Deliberate indifference is "a very high standard." Grayson v. Peed, 195 F.3d 692, 694 (4th Cir. 1999). It requires a plaintiff to establish that the prison official had actual knowledge of an excessive risk to the plaintiff's safety. Farmer, 511 U.S. at 837; Danser v. Stansberry, ___ F.3d ___, No. 13-1828, slip op. at 15 (4th Cir. Sept. 12, 2014). In particular, the official "must both be aware of facts from which the inference could be drawn that a substantial risk of serious harm exists, and he must also draw the inference." Farmer, 511 U.S. at 837; see also id. at 840-42 ("constructive notice" of a substantial risk generally is not sufficient to prove a deliberate indifference claim); Rich v. Bruce, 129 F.3d 336, 338-40 (4th Cir. 1997). And, in a case involving deliberate indifference to a medical need, the inmate must show a "significant injury." Danser, slip op. at 14 n.8. This is in contrast to an excessive force case. Id.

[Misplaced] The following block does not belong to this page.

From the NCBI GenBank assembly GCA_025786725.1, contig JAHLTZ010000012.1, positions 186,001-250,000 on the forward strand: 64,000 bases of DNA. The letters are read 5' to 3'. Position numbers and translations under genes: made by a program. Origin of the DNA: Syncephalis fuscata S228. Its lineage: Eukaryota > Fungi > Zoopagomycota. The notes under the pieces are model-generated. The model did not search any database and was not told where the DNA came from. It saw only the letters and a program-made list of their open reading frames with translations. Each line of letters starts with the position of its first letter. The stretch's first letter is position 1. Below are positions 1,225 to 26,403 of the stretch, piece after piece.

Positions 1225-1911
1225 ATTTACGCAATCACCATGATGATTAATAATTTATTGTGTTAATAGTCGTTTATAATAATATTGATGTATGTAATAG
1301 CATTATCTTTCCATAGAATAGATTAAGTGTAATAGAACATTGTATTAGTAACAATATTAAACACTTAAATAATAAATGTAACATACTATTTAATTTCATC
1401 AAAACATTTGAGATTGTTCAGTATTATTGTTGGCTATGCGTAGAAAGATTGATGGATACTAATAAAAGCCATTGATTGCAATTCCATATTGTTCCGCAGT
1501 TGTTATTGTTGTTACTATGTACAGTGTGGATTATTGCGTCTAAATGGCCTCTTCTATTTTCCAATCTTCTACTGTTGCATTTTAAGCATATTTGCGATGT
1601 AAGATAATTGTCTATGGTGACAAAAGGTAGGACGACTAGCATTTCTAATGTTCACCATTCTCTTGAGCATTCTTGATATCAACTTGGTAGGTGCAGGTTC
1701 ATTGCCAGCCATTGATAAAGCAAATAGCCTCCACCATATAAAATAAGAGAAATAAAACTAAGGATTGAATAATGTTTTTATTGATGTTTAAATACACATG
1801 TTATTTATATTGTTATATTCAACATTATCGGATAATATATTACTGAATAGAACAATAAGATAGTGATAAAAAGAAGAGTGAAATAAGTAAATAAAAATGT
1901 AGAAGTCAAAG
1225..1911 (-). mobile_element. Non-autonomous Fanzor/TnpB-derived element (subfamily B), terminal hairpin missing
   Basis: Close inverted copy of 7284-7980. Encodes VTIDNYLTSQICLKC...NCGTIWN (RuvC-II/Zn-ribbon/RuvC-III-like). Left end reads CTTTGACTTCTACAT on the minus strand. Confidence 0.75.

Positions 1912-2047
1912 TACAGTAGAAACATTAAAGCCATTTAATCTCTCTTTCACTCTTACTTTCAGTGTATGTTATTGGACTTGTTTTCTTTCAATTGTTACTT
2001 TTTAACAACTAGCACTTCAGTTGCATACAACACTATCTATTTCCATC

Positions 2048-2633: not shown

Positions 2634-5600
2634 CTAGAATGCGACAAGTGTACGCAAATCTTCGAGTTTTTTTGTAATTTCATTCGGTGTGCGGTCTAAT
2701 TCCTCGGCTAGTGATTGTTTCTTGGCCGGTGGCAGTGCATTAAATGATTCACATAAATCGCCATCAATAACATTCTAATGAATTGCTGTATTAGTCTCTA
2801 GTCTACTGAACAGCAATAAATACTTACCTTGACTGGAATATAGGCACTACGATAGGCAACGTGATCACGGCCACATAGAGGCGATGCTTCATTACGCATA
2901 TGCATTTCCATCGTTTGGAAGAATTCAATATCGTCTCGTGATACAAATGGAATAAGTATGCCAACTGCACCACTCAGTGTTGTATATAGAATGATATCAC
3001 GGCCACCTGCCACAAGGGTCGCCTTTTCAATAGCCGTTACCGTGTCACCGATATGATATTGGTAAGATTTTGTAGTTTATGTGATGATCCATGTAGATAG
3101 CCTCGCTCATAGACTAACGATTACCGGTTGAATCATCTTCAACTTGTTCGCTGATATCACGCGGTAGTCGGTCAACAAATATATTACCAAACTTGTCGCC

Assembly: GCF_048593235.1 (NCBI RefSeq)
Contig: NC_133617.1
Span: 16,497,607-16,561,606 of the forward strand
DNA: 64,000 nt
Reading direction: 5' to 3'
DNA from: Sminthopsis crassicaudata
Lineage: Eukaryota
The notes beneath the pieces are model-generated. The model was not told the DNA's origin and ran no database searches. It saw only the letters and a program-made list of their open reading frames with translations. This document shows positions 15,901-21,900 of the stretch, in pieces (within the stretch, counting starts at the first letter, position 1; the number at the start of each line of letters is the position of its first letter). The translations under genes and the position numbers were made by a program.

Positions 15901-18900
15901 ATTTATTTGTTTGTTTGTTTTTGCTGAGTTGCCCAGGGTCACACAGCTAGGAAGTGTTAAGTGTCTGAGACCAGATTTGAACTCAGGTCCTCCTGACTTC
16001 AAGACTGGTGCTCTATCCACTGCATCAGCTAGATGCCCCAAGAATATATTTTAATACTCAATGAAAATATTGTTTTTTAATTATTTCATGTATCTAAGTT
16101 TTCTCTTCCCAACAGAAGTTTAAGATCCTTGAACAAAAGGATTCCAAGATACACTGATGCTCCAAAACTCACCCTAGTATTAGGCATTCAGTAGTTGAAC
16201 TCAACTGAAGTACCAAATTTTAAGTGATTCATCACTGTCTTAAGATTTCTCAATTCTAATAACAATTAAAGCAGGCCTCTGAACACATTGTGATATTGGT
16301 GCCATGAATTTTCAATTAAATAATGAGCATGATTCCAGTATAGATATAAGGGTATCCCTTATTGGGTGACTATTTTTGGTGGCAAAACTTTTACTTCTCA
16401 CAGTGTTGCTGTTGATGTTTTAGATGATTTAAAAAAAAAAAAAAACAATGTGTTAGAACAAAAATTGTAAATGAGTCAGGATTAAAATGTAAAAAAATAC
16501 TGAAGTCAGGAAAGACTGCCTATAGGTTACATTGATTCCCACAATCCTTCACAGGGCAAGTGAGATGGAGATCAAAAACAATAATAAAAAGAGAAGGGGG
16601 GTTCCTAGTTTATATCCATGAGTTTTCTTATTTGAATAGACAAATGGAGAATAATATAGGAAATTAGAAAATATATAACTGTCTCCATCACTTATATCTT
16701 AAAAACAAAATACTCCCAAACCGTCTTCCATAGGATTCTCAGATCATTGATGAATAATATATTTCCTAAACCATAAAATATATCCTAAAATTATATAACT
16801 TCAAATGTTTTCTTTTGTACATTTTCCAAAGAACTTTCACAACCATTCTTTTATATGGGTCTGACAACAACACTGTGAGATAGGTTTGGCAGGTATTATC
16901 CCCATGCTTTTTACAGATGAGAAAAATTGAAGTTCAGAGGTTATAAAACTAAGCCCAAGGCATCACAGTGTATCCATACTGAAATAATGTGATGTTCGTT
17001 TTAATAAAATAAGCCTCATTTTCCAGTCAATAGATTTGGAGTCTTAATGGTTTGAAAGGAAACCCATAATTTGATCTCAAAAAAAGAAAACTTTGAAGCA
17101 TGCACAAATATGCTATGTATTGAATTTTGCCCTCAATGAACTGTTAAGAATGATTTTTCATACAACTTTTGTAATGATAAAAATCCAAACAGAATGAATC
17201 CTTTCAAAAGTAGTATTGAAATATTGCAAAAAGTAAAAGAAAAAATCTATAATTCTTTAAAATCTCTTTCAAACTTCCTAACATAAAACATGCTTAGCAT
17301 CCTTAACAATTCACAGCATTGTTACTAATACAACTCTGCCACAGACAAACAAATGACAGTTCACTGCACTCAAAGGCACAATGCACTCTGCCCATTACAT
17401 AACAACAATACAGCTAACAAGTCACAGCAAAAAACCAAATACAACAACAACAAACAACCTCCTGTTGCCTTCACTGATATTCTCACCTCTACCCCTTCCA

The subjective component requires "subjective recklessness" in the face of the serious medical condition. See Farmer, 511 U.S. at 839-40. "True subjective recklessness requires knowledge both of the general risk, and also that the conduct is inappropriate in light of that risk." Rich, 129 F.3d at 340 n.2. "Actual knowledge or awareness on the part of the alleged inflicter... becomes essential to proof of deliberate indifference because prison officials who lacked knowledge of a risk cannot be said to have inflicted punishment.'" Brice v. Virginia Beach Correctional Center, 58 F.3d 101, 105 (4th Cir. 1995) (quoting Farmer, 511 U.S. at 844).